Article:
The federal and provincial governments and Cartier Regional Water Co-op members are paying up to a total of $43.5 million to extend water service into the RMs of Rockwood and Rosser, including CentrePort Canada.
This will solve the current problem of how to supply water to larger businesses which want to locate in the western section of CentrePort within the RM of Rosser, and which can’t depend solely on well water due to fire safety regulations. The City of Winnipeg can’t extend its water service to the area now because of an international water dispute that could take years to resolve.
Federal minister responsible for Manitoba Shelly Glover, provincial minister of municipal government Stan Struthers, and Rosser reeve Frances Smee announced funding for Phase 1 of the Cartier Regional Water Co-operative Expansion on June 25.
"The cost will be divided up among the partners," Smee said.
This project includes: construction of a new water treatment plant on the Assiniboine River in the RM of Headingley, which will be designed to accommodate an additional expansion in the future; the installation of a pipeline from Headingley into the western section of CentrePort that lies within the RM of Rosser; and the construction of a pump house and a reservoir in the RM of Rosser.
According to a news release, 2,000 existing households will be connected to a treated municipal water supply, as well as the Headingley Correctional Centre and industries located in CentrePort Canada. The project will also enable the connection of future residential, commercial, agricultural, and industrial developments throughout the region, one of which is Stony Mountain Institution.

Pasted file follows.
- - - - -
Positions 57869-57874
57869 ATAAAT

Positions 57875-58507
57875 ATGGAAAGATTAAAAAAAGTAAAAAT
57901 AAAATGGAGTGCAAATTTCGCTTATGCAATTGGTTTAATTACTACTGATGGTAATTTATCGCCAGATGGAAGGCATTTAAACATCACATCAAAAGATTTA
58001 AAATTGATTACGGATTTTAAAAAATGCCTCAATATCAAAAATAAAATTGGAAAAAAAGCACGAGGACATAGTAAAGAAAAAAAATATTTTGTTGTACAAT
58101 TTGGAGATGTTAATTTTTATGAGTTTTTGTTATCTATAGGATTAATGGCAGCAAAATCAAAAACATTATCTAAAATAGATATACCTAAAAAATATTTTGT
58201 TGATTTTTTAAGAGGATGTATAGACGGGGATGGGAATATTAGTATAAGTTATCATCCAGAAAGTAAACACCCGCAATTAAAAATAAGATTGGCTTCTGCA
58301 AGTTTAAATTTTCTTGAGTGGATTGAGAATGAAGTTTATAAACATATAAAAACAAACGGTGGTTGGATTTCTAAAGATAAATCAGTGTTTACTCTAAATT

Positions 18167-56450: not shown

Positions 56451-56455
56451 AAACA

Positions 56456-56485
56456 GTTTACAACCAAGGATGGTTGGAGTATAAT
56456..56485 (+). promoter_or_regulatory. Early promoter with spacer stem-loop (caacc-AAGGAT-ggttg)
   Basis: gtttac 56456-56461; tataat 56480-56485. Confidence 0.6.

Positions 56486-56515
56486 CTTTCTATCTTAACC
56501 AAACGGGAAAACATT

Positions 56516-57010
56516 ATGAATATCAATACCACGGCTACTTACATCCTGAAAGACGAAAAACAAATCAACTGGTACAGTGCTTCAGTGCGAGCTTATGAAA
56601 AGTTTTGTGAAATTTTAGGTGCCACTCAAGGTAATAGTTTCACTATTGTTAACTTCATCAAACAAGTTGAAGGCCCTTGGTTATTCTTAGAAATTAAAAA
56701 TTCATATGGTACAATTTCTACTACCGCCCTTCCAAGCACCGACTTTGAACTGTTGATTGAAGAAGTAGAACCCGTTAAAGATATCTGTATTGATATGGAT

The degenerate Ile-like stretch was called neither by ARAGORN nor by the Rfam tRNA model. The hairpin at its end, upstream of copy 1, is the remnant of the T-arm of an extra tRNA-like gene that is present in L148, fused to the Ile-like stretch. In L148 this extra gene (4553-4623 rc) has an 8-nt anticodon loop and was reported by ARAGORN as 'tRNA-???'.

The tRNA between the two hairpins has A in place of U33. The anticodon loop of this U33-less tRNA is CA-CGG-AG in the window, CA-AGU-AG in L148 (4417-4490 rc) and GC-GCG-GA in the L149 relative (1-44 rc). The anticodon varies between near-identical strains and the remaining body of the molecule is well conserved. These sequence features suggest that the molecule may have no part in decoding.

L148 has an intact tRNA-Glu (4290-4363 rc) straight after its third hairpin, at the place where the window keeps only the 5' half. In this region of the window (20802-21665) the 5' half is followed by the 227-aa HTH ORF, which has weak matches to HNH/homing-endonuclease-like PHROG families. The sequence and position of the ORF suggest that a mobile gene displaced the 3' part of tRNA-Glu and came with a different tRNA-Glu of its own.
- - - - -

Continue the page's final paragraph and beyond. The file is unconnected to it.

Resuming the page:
Smee said no businesses other than those located within CentrePort will be connected to the new service when it is first developed, but she feels the project will benefit the municipality.
"It’s a huge benefit to bring the water services into the CentrePort area," she said. "We see this as an endorsement of the CentrePort plan working."
The news release stated that the federal government is conditionally setting aside up to one-third of eligible costs, to a maximum of $14.5 million for this project. The province will provide one-third of funding for the project under its $5.5-billion, five-year plan to invest in core infrastructure, including roads, bridges, clean water projects and flood protection. The Cartier Regional Water Co-operative Inc. and the municipalities benefiting from the project will provide the final one-third of funding.
The Cartier Regional Water Co-op currently provides potable water to rural residents and communities located in the municipalities of Cartier, Grey, Headingley, Portage la Prairie, Rockwood, Rosser, St. Francois Xavier and to the Headingley Correctional Centre.
Members of the Cartier Regional Water Co-op Board passed a resolution on Aug. 15, 2013 approving in principle the construction of a new water treatment plant in the RM of Headingley estimated to provide 120 litres of water per second.
The board members agreed that the co-op will pay up to $3 million of the plant’s cost. It will provide additional capacity and a secondary supply source for the seven municipalities.
Dave Shwaluk, acting general manager with the Manitoba Water Services Board, said a tender is being issued for the water treatment plant’s construction, with tenders for the pipeline and the pump house and reservoir to follow. Plant construction is likely to start in September and is expected to take about 18 months.
Shwaluk said the entire project should be completed by April 2016.